Section 413
This new section subjects every existing mining company engaged in extracting or exploiting any strategic energy minerals or precious metals or precious stones to liability for strategic energy minerals tax or precious minerals tax, or both. The tax is charged:

  • as royalty of 25% of the total unbeneficiated annual value of the production of any strategic energy mineral or precious metals or precious stones by the company; or
  • at the rate of 25% of the estimated value of the total strategic energy mineral or precious metals or precious stones reserves which that company is entitled to extract and exploit, where the company has not produced any of the taxable minerals during the period of 12 months ending on the 31st December in which it must pay the tax, or has not produced any of the taxable minerals in any 6 or more of those months,

It is made clear that the purpose of the tax is to encourage compliance by the mining companies concerned with the objectives outlined in the new section 411, and the liability may be discharged in the manner set out in the new section 414 outlined below.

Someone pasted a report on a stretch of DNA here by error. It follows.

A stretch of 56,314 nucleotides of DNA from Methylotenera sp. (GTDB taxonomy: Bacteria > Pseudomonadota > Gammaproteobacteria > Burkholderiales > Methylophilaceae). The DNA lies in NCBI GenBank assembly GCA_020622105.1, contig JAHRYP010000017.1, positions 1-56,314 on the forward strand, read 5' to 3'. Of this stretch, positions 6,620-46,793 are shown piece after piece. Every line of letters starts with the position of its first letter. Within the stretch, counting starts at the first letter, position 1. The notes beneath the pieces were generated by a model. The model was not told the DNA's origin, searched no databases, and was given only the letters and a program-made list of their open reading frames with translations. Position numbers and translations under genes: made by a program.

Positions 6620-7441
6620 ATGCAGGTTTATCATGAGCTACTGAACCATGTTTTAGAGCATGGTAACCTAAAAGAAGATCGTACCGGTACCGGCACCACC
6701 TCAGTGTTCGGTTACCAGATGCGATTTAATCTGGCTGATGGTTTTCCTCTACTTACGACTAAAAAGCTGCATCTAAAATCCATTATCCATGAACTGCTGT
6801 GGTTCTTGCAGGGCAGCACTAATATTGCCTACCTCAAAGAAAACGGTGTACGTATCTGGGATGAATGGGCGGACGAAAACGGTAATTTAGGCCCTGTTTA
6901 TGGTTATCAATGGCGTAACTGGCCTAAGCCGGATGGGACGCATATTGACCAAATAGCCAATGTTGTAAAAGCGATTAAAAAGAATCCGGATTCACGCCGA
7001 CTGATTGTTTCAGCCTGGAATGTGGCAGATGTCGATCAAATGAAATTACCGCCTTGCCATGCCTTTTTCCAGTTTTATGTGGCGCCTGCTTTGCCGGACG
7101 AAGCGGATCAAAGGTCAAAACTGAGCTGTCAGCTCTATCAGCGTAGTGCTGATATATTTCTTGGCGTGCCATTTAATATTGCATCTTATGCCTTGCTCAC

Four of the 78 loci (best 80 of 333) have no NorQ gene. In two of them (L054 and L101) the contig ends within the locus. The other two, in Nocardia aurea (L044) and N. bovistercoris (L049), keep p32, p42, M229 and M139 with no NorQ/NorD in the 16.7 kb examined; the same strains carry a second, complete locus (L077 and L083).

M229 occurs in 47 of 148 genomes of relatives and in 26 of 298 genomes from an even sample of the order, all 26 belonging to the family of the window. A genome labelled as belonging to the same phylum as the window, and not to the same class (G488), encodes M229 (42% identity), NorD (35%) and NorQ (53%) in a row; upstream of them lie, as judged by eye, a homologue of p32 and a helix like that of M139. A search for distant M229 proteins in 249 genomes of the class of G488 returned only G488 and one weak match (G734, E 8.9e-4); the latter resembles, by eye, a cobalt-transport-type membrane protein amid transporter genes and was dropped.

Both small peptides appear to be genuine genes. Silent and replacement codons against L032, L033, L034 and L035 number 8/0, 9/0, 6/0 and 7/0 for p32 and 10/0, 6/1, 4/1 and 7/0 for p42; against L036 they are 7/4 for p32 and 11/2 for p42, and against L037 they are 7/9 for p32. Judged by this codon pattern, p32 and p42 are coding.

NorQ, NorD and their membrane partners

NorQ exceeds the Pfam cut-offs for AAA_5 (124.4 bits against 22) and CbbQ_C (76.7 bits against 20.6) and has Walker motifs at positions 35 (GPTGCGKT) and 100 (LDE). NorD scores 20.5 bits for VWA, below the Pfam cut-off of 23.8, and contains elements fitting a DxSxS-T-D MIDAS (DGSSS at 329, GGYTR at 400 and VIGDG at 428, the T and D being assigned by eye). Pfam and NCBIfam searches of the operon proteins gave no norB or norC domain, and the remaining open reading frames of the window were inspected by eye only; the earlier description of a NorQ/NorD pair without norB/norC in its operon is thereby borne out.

In terms of subsection (4) of this new section, if a mining company engaged in the extraction or exploitation of any one or more strategic energy minerals, precious metals or precious stones ceases operations or is wound up or dissolved at any time after or within a period of three months from the fixed date, it shall become immediately liable for strategic energy minerals tax or precious minerals tax, or both, with effect from the date on which it ceases operations or is wound up or dissolved.

Section 414
This new section enables every mining company engaged in extracting or exploiting any strategic energy minerals or precious metals or precious stones to avoid liability for strategic energy minerals tax or precious minerals tax, or both, by vesting in the State, free of any charge or encumbrance, title to not less than 25% of its shares. If it does not do so after two successive periods ending on the 31st December from the date it when it became liable for strategic energy minerals tax or precious minerals tax, the company’s liability for the tax will escalate by 1% for each year during which it continues to be liable for the tax.